People often ask, “Who am I?” I think there are many ways to answer, but in regard to this question I think that through continuing exposure to various environments and the accumulative, alternating experiences of joy and sorrow, and through obtaining visible and invisible help from our surroundings, the self that has been formed as a complex existence, the person I am, is presently here now as a result of all that. And even if the success of one’s life is not enviable to others, success or eminence cannot be measured. For life always has depth, dignity, and substance. There may possibly be a one-time event or

encounter that can change our lives. It is important that we should change this warped society into a more flexible social system in which anyone can make a new start from wherever he or she may be. In order to do that, youth and adults must change. Persons with an abundance of experiential wisdom and social networks, and who are blessed financially, must cooperate with others who do not have these advantages, regardless of personal connections. This type of work will become the unseen foundation of society.


Let us join together with each other once again as equal persons. Together let us recover our respect as persons who have been deeply wounded. Freed from the ostentation of the world, let us mutually return to being human beings. Let us hold in common the thought that “you are hurting, so I hurt as well.”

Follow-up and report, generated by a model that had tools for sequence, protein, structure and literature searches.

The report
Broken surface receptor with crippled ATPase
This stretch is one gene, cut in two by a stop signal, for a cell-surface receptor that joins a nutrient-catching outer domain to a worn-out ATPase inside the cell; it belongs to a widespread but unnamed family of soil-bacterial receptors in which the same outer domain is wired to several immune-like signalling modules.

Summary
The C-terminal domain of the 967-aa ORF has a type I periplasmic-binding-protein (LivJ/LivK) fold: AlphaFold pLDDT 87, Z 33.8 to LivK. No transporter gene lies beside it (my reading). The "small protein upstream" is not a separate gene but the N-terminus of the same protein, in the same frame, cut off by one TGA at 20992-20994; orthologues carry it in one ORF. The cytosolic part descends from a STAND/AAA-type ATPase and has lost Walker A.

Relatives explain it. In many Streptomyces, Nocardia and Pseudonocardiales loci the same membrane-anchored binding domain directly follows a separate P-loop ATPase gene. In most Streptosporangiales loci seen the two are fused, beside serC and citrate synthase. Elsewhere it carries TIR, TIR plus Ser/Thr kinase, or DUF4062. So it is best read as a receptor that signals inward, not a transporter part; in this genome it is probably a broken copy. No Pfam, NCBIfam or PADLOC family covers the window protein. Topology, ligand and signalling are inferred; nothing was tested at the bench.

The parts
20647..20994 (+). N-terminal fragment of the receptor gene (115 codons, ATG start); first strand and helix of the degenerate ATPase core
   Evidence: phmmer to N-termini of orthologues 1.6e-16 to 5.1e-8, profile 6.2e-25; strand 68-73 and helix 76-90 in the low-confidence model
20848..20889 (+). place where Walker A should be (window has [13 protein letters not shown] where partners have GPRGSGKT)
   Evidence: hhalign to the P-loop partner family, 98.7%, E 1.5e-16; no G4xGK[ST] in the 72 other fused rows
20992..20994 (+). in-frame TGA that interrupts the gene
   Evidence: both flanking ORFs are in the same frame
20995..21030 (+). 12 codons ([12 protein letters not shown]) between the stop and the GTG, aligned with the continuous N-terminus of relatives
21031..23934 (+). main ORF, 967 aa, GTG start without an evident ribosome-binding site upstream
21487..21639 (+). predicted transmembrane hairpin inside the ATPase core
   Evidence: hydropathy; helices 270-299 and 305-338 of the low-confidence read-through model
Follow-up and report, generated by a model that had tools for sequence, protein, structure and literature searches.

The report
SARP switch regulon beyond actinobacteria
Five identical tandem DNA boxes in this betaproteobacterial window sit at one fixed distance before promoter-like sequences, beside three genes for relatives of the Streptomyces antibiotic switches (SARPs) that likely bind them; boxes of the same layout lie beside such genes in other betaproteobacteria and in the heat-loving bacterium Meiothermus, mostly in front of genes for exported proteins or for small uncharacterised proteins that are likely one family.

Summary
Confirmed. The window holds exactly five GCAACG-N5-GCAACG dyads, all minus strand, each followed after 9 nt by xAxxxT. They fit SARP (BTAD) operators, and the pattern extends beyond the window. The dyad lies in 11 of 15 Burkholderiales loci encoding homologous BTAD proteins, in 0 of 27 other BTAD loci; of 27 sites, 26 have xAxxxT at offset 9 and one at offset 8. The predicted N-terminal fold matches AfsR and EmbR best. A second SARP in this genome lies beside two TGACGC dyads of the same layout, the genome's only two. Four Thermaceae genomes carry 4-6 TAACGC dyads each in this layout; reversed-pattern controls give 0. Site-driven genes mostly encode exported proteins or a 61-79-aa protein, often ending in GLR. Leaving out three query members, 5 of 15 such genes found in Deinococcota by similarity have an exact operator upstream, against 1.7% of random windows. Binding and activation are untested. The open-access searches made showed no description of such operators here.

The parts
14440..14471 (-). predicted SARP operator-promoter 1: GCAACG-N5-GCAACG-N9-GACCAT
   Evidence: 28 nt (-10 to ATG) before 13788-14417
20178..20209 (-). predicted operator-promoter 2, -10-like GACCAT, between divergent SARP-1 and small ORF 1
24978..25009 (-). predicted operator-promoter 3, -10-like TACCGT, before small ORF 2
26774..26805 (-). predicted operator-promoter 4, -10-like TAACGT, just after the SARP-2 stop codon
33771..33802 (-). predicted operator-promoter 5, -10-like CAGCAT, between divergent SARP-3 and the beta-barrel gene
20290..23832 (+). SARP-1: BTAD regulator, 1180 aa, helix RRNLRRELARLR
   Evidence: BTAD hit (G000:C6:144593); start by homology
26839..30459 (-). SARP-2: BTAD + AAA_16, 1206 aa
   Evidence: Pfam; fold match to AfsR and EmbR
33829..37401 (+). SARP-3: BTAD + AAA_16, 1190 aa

From the viewpoint of the Bible, the pride and unrighteousness of the powerful who have no regard for the socially weak is basically an insult to God. As it is written in Luke 4:18, “The Lord has sent me to proclaim freedom for the prisoner . . . to release the oppressed,” and Jesus Himself manifested that.


For Jesus, living was being saved from the pride and unrighteousness of the strong. Indeed, for that reason, rising above relations based on social position, Jesus was able to meet with diverse kinds of persons. And you, as well, are not excluded from that salvation.


Furthermore, Jesus urges us to stand up and consider not only ourselves but also those of whom we become aware. Christianity is for you who are suffering. You have an irreplaceable life, and I am hoping you will accept that kind of awareness as God’s calling. Even if you are under the impression that you are insignificant and unworthy, if you take hold of courage and trust and open your heart to God’s calling, you will be surprised by the discovery welling up within you that you are invaluable. (Tr. RT)


—From Shinto no Tomo (Believers’ Friend),

November 2014 issue

Summarized by KNL Editor Kawakami Yoshiko